i → a =  b1 1 → → j k a2 b2   a3  b3  Property (7) : Angle between two vectors : → → Let a . → → → a × b = a | | |→| sin θ ∧ b n … (1) ∧ → → Where n is a unit vector perpendicular to the both of a and b |→ × →| = |→| |→| sin θ a b a b From (1) and (2) → → a × b ∧ n = → → a × b … (2) | | 68 .) Unit vectors normal to the plane of two given vectors. b be two non-zero. Hence in problems of finding the angle.e. non-parallel vectors and θ be the angle between them. → → → Then a × b = a | | |→| sin θ ∧ b n ∧ → → → → ⇒ | a × b | = | a | | b | sin θ n  → → → → ⇒ | a × b | = | a | | b |sin θ |→ × →| ⇒ θ = sin−1 |→ × →| a b  a b  ⇒ sin θ = → → |→| |→| a b | a | | b | Note : In this case θ is always acute. the use of dot product is preferable since it specifies the position of the angle θ. → → Let a . Thus if we try to find the angle using vector product. Property (8) : Unit vectors perpendicular to two given vectors (i. we get only the acute angle. b be two vectors inclined at an angle θ.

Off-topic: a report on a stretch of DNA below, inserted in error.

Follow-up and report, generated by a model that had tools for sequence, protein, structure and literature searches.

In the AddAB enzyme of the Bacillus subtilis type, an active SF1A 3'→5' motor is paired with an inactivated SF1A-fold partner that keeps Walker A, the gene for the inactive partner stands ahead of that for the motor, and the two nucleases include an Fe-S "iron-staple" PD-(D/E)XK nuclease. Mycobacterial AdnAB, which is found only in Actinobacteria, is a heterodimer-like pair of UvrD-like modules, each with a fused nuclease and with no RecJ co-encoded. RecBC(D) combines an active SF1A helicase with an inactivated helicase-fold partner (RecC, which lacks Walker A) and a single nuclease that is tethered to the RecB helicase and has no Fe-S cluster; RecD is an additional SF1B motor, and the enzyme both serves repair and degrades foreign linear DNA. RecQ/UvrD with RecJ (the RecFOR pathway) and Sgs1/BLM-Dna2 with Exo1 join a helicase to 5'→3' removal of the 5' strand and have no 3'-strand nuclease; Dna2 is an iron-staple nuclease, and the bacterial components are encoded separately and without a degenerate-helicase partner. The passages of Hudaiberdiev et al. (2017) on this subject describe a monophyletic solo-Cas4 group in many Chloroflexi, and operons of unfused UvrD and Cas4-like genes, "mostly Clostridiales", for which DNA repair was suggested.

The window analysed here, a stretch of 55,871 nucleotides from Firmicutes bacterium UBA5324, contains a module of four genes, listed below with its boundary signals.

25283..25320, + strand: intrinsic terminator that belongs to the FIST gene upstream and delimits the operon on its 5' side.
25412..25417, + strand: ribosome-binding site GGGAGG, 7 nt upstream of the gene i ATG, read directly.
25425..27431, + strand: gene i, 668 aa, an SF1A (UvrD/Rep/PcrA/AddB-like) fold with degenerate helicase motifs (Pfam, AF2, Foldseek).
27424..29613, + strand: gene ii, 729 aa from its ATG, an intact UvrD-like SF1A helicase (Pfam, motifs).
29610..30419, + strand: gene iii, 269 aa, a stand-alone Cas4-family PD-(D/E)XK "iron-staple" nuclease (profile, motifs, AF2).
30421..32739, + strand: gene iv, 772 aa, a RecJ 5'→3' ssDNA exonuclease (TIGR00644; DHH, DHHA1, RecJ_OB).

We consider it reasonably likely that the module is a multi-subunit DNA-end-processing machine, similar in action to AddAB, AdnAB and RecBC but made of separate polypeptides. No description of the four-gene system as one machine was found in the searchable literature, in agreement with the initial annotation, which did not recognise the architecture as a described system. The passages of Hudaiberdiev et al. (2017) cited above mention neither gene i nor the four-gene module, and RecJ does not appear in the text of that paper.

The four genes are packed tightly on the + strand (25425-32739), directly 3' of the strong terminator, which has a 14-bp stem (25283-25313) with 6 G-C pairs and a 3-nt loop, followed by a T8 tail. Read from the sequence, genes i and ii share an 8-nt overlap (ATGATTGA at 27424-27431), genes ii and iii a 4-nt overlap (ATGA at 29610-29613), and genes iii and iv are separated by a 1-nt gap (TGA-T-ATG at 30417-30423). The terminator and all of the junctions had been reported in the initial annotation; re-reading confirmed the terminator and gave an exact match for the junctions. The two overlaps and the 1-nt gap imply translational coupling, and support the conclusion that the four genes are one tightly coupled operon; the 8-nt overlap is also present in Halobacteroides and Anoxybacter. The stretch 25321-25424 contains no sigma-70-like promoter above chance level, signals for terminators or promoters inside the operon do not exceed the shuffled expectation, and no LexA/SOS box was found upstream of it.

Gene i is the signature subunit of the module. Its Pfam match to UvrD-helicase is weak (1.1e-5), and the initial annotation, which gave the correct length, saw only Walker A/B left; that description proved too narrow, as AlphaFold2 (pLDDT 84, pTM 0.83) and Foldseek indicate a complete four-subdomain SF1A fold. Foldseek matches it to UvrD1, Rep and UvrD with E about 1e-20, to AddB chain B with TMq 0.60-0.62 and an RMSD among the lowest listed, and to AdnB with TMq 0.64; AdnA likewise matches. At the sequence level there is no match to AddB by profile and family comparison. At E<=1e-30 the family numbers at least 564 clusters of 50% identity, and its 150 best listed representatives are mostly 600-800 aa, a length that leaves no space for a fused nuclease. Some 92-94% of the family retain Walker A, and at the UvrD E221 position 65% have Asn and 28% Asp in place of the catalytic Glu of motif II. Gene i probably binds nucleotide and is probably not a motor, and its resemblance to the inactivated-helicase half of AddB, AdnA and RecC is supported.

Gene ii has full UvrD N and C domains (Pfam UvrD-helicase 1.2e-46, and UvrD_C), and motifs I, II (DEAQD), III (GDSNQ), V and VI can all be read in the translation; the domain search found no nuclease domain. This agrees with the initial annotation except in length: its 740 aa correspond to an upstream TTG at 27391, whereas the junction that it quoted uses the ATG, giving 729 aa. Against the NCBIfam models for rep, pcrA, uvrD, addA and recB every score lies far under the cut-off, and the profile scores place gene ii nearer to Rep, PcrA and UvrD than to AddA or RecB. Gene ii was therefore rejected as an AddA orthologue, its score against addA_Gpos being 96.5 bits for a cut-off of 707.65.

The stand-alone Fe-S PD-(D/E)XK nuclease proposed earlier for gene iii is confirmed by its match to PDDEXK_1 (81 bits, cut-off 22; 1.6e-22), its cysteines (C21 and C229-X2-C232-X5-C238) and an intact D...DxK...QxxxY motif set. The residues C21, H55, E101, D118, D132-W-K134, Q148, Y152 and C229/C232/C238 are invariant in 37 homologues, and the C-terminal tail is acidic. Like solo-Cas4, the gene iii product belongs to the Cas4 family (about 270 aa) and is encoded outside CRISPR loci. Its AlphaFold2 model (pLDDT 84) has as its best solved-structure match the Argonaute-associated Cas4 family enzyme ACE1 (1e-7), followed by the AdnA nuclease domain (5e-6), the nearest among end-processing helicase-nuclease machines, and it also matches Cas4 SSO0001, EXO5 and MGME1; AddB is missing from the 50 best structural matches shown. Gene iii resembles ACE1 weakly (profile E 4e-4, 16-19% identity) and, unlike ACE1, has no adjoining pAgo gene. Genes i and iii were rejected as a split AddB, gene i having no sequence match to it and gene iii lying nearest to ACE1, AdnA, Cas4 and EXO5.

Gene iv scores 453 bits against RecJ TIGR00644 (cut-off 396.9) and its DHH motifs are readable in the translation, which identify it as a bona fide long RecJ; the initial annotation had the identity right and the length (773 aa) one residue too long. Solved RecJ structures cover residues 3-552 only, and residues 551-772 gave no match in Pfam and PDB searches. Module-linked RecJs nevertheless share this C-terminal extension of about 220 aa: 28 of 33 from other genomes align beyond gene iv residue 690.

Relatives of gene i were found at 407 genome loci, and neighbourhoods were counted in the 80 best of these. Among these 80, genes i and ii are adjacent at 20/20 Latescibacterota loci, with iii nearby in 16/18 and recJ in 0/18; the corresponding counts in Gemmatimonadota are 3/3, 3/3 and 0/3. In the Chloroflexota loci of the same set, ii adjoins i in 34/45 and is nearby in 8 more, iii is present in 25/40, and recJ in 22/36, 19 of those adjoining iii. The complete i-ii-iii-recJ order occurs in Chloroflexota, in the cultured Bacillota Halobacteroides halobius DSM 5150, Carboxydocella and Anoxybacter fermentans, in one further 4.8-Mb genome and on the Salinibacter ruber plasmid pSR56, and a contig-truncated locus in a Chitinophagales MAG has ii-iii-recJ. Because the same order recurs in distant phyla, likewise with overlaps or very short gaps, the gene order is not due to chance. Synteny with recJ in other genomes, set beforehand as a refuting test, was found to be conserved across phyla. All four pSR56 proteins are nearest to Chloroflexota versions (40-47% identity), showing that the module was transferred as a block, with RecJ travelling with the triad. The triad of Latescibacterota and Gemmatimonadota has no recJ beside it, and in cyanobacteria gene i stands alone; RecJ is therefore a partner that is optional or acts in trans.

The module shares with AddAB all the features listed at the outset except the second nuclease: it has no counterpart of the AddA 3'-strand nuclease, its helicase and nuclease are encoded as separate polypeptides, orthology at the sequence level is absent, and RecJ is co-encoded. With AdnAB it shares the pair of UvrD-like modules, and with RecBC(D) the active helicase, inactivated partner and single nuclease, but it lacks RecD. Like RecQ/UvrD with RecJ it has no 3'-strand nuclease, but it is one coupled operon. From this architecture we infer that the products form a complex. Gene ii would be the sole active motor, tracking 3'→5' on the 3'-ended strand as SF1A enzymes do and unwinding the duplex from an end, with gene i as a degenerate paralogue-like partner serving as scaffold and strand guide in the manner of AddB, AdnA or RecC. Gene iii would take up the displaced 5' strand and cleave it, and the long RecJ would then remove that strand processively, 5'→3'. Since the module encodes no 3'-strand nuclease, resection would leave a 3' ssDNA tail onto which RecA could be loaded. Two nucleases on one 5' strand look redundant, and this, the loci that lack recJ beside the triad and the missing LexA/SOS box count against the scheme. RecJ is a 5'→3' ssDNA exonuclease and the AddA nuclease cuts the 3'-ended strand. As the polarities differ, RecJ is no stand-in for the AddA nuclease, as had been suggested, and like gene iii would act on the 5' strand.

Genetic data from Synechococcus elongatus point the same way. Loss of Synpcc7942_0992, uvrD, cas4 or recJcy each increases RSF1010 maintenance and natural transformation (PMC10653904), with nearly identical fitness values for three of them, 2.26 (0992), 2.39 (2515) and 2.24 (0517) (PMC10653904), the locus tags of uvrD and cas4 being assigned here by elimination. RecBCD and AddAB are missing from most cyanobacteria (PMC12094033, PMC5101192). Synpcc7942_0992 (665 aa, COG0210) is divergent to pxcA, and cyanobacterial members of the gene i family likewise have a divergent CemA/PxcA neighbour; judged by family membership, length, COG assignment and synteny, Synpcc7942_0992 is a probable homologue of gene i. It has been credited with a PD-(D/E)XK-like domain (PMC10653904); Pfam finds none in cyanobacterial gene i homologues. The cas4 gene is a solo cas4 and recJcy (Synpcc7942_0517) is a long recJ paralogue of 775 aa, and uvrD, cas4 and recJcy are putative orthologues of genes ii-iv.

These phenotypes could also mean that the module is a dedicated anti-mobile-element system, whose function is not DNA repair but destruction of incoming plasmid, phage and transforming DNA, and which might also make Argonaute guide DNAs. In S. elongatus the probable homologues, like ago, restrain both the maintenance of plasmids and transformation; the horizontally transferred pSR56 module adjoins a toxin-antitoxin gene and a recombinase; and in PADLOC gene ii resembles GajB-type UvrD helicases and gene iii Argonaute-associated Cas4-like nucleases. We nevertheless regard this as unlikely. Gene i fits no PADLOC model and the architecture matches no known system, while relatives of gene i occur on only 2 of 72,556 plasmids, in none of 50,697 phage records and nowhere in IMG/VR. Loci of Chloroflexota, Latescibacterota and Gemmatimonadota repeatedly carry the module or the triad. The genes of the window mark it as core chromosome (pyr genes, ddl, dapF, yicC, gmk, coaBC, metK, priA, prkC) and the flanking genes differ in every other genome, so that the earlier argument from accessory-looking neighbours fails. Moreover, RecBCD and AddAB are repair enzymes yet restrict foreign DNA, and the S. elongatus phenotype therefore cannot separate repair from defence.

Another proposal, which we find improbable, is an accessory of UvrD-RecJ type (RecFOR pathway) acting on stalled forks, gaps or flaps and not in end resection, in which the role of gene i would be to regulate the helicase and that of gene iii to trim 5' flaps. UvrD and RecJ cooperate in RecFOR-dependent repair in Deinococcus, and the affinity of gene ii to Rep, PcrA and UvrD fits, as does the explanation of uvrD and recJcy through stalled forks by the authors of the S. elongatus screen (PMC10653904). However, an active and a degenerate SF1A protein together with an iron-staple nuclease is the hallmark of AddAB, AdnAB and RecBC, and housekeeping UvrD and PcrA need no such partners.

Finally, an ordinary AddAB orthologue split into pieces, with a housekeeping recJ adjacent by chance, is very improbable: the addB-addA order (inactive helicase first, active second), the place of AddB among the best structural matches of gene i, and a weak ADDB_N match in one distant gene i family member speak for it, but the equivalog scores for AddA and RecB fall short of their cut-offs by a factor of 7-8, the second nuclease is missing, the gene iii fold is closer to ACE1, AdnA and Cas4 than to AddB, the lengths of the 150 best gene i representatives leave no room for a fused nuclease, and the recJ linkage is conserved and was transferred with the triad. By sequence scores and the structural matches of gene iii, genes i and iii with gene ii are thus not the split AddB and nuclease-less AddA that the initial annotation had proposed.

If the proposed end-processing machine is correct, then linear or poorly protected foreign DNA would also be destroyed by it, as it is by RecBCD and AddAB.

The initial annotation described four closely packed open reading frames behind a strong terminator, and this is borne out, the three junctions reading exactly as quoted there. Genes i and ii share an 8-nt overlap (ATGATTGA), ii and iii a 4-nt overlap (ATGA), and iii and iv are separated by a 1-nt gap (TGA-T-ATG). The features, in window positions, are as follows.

b are any two vectors. →) = |→| |→| cos2θ a b a b 2 2 2 2 2 2 |→ × →| + (→ .→ → a × b → → is also a unit vector perpendicular to a and b Note that − → → a × b | | → → Unit vectors perpendicular to a and b are → → a × b ∧ ∴±n = ± → → a × b | | → → Vectors of magnitude µ normal to the plane containing a and b is given → → µ a ×b by ± → → a × b Example 2. then a × b + a .21 : Find the vectors of magnitude 6 which are perpendicular to → → → → → → both the vectors 4 i − j + 3 k and − 2 i + j − 2 k Solution : → → → → → → → → Let a = 4 i − j +3k .20 : ( | ) | → → → → → → If a . →) = |→| |→| (sin2θ + cos2θ) = |→| |→| a b a b a b a b Example 2. b Solution : → → Let θ be the angle between a and b → → ∧ → → ∴ a × b = a b sin θ n | | ( 2 ) = |→| |→| a b 2 2 2 | || | |→ × →| = |→| |→| sin θ a b a b 2 2 2 |→ × →| = |→| |→| sin2 θ a b a b 2 2 2 (→ . b =−2 i + j −2k → → → i j k → → → → → Then a × b = 4 −1 3 =− i +2 j +2k   − 2 1   − 2 69 .